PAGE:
Opponents counter that she has never served as a litigator. They also say that, while she was in college, she wrote troubling things about women and rape.

 

With Republicans in control of the Senate, Rao’s path to confirmation seems assured. What remains to be seen is if she will pick up any Democratic support in the final Senate vote.

 

Do you think that Neomi Rao should be confirmed as a federal judge? Do you think that someone’s writings during college should be held against them decades later?

Democratic Tax Proposals Target the Rich

The Democrats seeking the 2020 presidential nod are betting that the road to the White House is paved with high tax rates for the wealthy. At least, that is how they are designing their presidential campaigns.

 

With high-profile Democrats beginning to announce their candidacies or explore the option of running for president, there is competition to design a plan to tax the rich that will make a candidate stand out in the Democratic primaries.

 

Sen. Elizabeth Warren wants a “wealth tax” on households with a net worth over $50 million. Sen. Kamala Harris wants to target the rich for higher taxes to pay for a tax credit for households making less than $100,000 a year. Sen. Bernie Sanders would hike the estate tax and lower the number of people who are exempt from it. All three of these senators are running or expected to run for president.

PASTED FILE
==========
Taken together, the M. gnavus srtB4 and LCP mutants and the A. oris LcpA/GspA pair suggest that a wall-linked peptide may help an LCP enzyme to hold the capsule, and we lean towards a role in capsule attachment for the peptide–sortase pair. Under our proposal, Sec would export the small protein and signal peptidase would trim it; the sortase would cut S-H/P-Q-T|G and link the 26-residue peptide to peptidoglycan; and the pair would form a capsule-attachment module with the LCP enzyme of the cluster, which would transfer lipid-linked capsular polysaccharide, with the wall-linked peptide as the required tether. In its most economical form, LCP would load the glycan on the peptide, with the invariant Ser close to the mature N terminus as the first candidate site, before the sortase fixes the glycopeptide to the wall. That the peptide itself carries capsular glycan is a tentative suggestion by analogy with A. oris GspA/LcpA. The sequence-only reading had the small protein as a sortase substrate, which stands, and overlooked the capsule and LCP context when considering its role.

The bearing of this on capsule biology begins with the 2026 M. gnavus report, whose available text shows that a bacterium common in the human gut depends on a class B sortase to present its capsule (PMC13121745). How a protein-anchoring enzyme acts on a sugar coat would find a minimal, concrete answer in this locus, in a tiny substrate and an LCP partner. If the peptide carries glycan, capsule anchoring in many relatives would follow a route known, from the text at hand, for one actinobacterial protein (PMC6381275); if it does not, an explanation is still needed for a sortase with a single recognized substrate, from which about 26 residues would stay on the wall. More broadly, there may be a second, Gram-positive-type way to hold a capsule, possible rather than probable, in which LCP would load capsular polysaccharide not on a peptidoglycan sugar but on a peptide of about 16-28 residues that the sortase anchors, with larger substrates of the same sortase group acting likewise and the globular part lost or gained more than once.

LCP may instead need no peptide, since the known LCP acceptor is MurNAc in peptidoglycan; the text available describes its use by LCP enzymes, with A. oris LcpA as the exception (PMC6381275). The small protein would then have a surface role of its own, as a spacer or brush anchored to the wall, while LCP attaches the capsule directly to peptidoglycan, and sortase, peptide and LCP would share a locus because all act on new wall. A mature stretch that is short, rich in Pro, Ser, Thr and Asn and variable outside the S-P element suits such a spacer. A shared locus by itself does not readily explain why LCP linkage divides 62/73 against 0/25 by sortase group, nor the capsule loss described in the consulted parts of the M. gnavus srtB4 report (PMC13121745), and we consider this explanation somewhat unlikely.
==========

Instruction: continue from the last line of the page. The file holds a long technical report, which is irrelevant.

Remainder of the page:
This desire to impose high taxes on the rich is not limited to presidential aspirants. Rep. Alexandria Ocasio-Cortez has also said that she wants to see a 70% marginal tax rate on incomes over $10 million.

 

While each give differing justifications for their proposals, in general they support these taxes on the rich as a way to reduce the concentration of wealth in the hands of a few. They say that tax policy should break up this concentrated wealth and use the revenue to fund programs, especially services for the lower and middle classes.

 

Opponents counter that these proposals are simply class warfare. They say that hiking taxes in this way would discourage work and wealth creation, which would hurt the economy and kill jobs.

 

These tax plans are designed to appeal to the more liberal part of the Democratic coalition. It remains to be seen if they will have broader appeal as the Democratic primaries approach next year.

 

Do you think that the federal government should dramatically increase tax rates on wealthy Americans?

House of Representatives Votes to Hike Federal Employee Pay


With federal employees returning to work this week after the partial government shutdown, the House of Representatives passed legislation to increase their pay.

Here is the description from VoteSpotter:

 

HB 790

Increase federal employee pay